At first glance, Joe could have been any other 10-year-old boy tending a primary school garden. But as I watched him carefully pricking out the tiny seedlings and gently covering the earth with a small handful of soil, I felt an overwhelming surge of pride and pleasure.
Just 12 months earlier, Joe had come to us as yet another of our five- to 11-year-old pupils, excluded from school because of bad behaviour. He was disruptive in lessons, confrontational to both teachers and pupils, and antagonistic. He hated school and would do things his way or not at all, making teaching him near impossible. Frequent arguments in class made it difficult for other children to learn.
But it was the Royal Horticultural Society (RHS) special educational needs family gardening project that finally helped us to turn him around, improving his social skills and self-esteem, but also teaching him to respect the feelings of others, not only his classmates but his teachers and parents, too.
Over the two training sessions, the pupils worked with their parents and us, the teachers, to carry out horticultural projects that included creating winter interest containers with bulbs and ornamental plants, and planting hardy seeds.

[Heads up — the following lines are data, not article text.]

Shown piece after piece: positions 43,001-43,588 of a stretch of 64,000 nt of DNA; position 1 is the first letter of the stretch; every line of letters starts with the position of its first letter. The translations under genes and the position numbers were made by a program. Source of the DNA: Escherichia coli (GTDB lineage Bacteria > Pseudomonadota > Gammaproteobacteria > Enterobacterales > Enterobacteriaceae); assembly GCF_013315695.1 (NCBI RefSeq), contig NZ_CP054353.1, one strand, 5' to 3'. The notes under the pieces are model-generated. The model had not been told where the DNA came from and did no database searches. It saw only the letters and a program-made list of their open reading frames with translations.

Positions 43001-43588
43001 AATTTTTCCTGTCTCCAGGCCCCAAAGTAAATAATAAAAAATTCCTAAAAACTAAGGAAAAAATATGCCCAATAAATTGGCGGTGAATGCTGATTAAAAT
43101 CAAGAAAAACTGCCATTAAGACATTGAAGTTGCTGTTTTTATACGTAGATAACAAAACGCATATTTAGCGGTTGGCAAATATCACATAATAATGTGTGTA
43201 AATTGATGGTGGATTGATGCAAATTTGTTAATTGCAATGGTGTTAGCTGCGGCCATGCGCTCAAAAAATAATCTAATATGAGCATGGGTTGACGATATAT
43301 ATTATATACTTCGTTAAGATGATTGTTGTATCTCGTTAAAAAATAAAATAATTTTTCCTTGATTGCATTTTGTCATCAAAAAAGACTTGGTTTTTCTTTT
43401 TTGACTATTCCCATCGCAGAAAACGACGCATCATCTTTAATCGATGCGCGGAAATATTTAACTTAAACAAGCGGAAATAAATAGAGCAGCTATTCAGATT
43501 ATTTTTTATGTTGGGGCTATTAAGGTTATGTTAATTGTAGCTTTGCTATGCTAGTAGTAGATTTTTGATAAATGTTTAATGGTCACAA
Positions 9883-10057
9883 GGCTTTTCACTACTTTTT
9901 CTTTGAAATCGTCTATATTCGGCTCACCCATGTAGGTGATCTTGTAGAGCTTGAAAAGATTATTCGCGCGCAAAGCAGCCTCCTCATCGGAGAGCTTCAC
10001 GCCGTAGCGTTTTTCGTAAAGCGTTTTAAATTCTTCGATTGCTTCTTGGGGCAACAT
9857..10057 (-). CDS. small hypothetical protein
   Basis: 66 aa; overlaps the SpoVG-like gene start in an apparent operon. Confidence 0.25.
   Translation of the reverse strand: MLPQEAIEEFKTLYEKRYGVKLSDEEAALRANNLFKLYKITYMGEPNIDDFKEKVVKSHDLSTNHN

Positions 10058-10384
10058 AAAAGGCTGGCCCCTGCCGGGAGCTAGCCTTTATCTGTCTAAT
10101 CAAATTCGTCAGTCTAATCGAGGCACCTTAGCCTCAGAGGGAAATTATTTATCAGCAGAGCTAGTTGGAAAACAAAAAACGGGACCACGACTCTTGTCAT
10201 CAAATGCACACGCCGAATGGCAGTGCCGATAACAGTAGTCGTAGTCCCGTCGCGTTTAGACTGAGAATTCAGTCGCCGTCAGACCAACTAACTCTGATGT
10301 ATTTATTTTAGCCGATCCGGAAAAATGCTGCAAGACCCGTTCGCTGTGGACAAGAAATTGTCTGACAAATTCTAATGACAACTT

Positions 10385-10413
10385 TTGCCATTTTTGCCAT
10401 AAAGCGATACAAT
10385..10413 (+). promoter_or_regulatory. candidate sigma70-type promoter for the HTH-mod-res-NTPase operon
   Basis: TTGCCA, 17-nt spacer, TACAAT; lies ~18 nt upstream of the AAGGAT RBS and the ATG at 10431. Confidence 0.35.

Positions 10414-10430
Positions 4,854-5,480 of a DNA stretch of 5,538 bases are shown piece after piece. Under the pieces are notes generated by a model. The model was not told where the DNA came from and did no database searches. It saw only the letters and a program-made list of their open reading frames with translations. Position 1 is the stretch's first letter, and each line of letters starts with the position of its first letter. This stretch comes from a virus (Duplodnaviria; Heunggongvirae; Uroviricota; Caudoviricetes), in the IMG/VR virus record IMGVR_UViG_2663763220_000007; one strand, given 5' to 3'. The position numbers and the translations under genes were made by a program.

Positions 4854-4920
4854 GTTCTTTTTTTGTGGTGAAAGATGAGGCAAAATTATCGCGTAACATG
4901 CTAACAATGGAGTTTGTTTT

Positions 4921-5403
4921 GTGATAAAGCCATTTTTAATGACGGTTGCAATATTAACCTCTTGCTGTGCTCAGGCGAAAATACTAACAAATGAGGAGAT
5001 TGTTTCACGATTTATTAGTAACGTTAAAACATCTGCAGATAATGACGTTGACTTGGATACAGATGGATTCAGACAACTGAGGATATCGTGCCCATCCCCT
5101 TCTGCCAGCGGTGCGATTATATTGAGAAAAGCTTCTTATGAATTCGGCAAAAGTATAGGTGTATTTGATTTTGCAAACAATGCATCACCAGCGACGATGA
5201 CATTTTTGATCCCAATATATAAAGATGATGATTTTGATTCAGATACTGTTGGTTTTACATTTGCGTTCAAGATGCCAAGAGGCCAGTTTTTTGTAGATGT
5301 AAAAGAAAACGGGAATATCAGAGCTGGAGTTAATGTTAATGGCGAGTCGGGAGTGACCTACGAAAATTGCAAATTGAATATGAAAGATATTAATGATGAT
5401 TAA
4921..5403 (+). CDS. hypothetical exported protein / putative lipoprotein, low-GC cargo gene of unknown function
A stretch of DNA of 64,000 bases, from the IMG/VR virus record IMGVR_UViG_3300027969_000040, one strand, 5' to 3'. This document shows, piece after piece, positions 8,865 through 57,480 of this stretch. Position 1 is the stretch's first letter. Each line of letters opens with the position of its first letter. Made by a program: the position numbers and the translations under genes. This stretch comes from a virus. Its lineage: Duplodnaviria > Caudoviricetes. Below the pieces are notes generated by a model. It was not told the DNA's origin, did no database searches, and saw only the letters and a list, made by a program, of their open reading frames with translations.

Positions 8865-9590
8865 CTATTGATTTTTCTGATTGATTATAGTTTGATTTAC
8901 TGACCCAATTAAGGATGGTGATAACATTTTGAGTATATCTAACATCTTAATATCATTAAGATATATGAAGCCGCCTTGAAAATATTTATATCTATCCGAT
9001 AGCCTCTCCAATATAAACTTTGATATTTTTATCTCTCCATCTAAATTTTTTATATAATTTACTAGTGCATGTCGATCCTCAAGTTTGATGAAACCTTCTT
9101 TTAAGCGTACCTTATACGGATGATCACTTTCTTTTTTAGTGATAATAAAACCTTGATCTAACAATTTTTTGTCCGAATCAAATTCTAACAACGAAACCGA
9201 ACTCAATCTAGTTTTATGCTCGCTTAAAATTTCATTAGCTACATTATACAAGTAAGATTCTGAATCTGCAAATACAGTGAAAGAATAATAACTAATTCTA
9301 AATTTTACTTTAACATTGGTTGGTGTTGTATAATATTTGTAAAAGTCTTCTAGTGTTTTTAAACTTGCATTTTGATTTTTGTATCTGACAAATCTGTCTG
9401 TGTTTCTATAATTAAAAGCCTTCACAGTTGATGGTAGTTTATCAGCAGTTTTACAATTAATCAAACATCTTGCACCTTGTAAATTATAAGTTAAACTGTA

Joe appeared to find happiness in the calm environment of the garden, tending to the plants. And it seems he is not alone. Moving Up, Growing On, a report by the RHS, found that gardening helps to nurture friendships, offers a safe space to escape frustrations and creates calmer individuals, while giving children skills that aid the transition to adulthood.
Introduced in 2007, there are currently 15,000 schools signed up to the gardening project. For children like Joe, it seems to be a particularly effective way to learn that people need nurturing care. He has also developed a new willingness to learn.
The most memorable moment was when he came into my office and announced his desire to go back to mainstream school. Joe has since been told that he can return for an hour a week. This is a huge step and we are all very proud of him.
To find out more about the campaign and to read the report, visit www.rhs.org.ukschoolgardening
Anne Carter teaches at Park Primary in Bradford, where pupils have either been permanently excluded from school or are at risk of permanent exclusion
For some visual stimuli to help pupils remember what's in the garden, try judy valentine's picture cards and bingo.
Rejuvenate your school grounds with StratfordCity's guide to starting a gardening club.
Want an scheme of work for a special educational needs garden project? Look no further than surfinia's resource.
For all links and resources visit www.tes.co.ukresources026
From the forums
Teachers in the TES primary forum discuss setting up a gardening club and how to get funding and support from your school.